Every Saturday morning, my kids and I jump in the car and head to Thunder Bay for swimming lessons. It takes just over an hour to get there, so we usually listen to CBC radio to help us pass the time. On the morning of May 21st, as the kids were reading, I listened to Fresh Air’s Mary Ito talk about relationships with her guest, Amy Muise.
Wikipedia provides a short intro to the self expansion model: “The self-expansion model is based on two key principles. The first is that humans have a primary motivation to self expand. The second principle is that individuals often achieve self-expansion through close relationships which allow the inclusion of the other in the self.”
The concept of self expansion intrigued me, not only for its obvious connection to human relationships, but also for its possible relevance to teaching and learning. This is where you come in. If you are reading this post and you are an educator, I hope you will participate. You will be required to make a drawing for me, but don’t worry: you don’t have to be artistic.
I want you to draw a line. Just one line. Start at the left side of your page. This line will act as a timeline for your educational career: the direction & quality of your line will determine how you learned over a particular time. Your line will end depending on the length of your career or the size of your paper…
Don’t read any further until you finish drawing. Give yourself time to think.
What does your line look like? Does your line change direction at any point? When did you learn the most? Why did you learn more at these times compared to others?
I’d like you to share your drawing, along with a short explanation. I want to hear your story of learning, because we all benefit when we share our knowledge and experiences. I also want to hear how the theory of self expansion could relate to your career and your growth as a learner.
Please share the link to your drawing (copy & paste the url into the comment section under this post — your drawing can be shared wherever you enjoy sharing: Instagram, Twitter, etc.) along with your explanation or story. I’m looking forward to seeing your lines and hearing about their meanings!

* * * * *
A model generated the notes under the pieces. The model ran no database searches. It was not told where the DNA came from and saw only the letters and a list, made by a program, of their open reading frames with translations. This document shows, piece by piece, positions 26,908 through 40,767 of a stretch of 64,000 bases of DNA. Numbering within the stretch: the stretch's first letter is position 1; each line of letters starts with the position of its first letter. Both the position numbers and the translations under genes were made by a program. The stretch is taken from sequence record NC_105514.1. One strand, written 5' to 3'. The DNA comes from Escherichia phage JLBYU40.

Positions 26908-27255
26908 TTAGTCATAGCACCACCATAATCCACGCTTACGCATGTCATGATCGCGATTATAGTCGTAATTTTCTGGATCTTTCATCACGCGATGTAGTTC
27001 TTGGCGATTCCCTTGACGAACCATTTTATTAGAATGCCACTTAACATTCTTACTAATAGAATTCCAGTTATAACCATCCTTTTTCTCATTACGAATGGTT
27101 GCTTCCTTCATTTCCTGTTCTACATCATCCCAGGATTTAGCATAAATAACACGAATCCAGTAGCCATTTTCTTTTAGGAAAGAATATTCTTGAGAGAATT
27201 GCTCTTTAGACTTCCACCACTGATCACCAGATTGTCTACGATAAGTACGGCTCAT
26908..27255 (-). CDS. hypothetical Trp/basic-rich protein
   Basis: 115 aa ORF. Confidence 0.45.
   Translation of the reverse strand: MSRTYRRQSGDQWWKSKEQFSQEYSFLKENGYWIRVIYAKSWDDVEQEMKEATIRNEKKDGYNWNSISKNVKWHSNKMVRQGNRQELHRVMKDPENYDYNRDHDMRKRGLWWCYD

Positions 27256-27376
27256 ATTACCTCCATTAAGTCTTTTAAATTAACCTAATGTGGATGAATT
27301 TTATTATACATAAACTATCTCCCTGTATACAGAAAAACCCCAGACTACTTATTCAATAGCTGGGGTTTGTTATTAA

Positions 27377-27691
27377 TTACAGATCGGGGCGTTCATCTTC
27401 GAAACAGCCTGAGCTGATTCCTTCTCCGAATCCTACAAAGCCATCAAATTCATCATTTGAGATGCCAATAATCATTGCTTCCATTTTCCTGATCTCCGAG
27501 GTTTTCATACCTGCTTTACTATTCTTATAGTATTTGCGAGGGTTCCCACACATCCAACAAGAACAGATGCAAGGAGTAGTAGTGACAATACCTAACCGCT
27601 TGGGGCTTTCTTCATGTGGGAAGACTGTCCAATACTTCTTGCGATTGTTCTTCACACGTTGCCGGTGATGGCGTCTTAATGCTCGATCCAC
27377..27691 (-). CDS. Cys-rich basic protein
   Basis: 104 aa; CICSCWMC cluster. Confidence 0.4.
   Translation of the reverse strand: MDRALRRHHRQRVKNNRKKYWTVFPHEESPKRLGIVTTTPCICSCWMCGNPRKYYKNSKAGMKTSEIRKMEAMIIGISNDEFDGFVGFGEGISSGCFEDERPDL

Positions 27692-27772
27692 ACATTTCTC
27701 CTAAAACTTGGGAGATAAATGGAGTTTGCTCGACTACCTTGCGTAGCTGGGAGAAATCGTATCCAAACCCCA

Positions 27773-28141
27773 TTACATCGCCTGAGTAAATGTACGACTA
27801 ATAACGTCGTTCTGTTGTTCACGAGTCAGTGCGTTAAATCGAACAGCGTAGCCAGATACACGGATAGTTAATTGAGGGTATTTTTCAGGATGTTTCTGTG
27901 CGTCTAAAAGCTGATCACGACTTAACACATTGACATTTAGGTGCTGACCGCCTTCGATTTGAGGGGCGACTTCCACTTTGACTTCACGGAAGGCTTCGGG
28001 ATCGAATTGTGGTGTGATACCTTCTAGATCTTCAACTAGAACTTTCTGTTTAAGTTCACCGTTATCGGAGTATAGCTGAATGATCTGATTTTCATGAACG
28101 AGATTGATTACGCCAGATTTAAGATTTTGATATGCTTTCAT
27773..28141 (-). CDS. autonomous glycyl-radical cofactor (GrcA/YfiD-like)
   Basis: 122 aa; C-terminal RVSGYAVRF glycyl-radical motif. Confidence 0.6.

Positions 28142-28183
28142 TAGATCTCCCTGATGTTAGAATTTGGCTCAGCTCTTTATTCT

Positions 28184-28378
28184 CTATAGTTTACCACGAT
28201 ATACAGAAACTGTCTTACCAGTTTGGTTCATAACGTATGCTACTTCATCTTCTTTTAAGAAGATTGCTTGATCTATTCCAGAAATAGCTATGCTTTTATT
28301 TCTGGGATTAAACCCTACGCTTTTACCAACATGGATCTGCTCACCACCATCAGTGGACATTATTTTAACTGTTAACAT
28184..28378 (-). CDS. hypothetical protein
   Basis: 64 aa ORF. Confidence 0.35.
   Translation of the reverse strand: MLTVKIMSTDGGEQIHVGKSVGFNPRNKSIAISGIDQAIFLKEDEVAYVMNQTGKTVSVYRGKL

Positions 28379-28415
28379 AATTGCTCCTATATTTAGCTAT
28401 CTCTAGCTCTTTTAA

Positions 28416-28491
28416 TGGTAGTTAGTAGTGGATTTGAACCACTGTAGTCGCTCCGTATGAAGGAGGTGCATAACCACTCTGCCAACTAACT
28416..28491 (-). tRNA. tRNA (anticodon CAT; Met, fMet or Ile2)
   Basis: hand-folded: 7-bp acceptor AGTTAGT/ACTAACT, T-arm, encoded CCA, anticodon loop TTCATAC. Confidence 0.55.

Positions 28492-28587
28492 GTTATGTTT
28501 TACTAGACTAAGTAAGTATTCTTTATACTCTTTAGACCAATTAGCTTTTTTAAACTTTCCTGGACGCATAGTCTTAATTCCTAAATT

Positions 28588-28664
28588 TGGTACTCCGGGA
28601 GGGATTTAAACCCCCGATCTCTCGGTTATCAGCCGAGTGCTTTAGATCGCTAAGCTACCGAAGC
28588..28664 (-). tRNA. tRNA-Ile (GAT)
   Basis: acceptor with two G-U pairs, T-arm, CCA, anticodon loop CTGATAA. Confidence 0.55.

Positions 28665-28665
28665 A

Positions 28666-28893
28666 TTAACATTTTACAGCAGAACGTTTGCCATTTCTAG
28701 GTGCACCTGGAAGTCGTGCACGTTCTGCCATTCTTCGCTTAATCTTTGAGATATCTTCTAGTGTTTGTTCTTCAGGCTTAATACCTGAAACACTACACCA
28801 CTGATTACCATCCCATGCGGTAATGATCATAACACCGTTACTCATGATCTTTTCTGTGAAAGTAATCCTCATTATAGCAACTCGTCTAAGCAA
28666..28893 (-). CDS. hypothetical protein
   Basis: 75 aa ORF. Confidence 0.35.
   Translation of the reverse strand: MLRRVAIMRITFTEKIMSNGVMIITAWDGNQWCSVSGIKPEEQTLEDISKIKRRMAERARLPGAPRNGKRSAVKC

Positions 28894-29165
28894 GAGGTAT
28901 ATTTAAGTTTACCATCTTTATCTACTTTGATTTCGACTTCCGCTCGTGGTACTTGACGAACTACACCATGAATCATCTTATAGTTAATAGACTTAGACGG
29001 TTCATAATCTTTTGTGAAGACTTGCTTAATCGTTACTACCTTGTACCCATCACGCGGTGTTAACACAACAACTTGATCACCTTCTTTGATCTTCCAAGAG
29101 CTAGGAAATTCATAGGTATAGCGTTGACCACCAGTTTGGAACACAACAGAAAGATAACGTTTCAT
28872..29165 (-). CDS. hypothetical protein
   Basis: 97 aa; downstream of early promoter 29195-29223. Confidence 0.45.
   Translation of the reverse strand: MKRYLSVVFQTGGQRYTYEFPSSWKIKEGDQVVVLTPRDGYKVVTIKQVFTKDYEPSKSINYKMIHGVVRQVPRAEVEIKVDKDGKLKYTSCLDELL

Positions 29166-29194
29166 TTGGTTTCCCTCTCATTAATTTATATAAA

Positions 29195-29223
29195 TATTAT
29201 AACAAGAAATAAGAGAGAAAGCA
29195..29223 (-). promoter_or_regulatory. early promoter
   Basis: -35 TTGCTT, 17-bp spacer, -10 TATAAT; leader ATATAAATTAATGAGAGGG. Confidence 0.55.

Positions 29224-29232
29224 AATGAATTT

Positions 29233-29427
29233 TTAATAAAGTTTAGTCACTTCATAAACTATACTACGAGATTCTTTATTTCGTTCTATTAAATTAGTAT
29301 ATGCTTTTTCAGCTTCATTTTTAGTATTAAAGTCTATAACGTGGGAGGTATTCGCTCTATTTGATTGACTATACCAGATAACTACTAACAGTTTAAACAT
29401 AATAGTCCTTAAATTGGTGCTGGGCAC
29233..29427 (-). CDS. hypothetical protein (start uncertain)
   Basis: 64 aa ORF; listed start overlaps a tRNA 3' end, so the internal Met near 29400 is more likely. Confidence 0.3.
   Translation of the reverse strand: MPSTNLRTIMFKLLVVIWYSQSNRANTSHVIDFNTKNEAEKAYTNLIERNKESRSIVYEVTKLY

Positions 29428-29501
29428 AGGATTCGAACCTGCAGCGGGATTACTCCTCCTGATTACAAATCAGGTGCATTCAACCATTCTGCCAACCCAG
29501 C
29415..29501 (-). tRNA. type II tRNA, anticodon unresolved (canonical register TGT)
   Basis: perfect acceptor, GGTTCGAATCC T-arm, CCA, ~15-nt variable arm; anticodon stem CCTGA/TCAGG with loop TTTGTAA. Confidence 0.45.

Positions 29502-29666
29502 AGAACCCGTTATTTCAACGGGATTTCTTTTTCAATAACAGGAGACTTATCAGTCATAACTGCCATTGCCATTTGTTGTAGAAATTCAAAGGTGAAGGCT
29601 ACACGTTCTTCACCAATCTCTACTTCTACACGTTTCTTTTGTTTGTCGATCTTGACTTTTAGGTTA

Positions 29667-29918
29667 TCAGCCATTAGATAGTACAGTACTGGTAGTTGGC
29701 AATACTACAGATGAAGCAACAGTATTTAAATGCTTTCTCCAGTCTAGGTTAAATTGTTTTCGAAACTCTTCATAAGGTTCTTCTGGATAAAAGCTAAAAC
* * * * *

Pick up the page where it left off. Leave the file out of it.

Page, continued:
My motive for this post: a new learning journey. I have been teaching since 1999, and have recently gained much interest in leadership. I work with a fantastic group of aspiring leaders, who are learning to set clear goals while considering the necessary criteria and reasoning behind their vision. I also enjoy my time learning alongside my fellow Tech Champions within our school board, who fearlessly explore the digital world and act as translators for their colleagues who are excited to speak a new language. Fortunately, I am sharing both of these experiences with my friends Lindsay and Stephen, who are part of my TLLP team as well!
…and next week, I’ll be interviewed for a Lead Learner position in our school. Competition for these roles is tight, which is both good and bad: good, because we have a strong staff with phenomenal leadership skills; bad, because I might not get the role I’m hoping for. I’m hoping to highlight a drawing or two (or more!) during the presentation portion of my interview, to celebrate our collective learning as well as the qualities we should consider when designing educational experiences for others.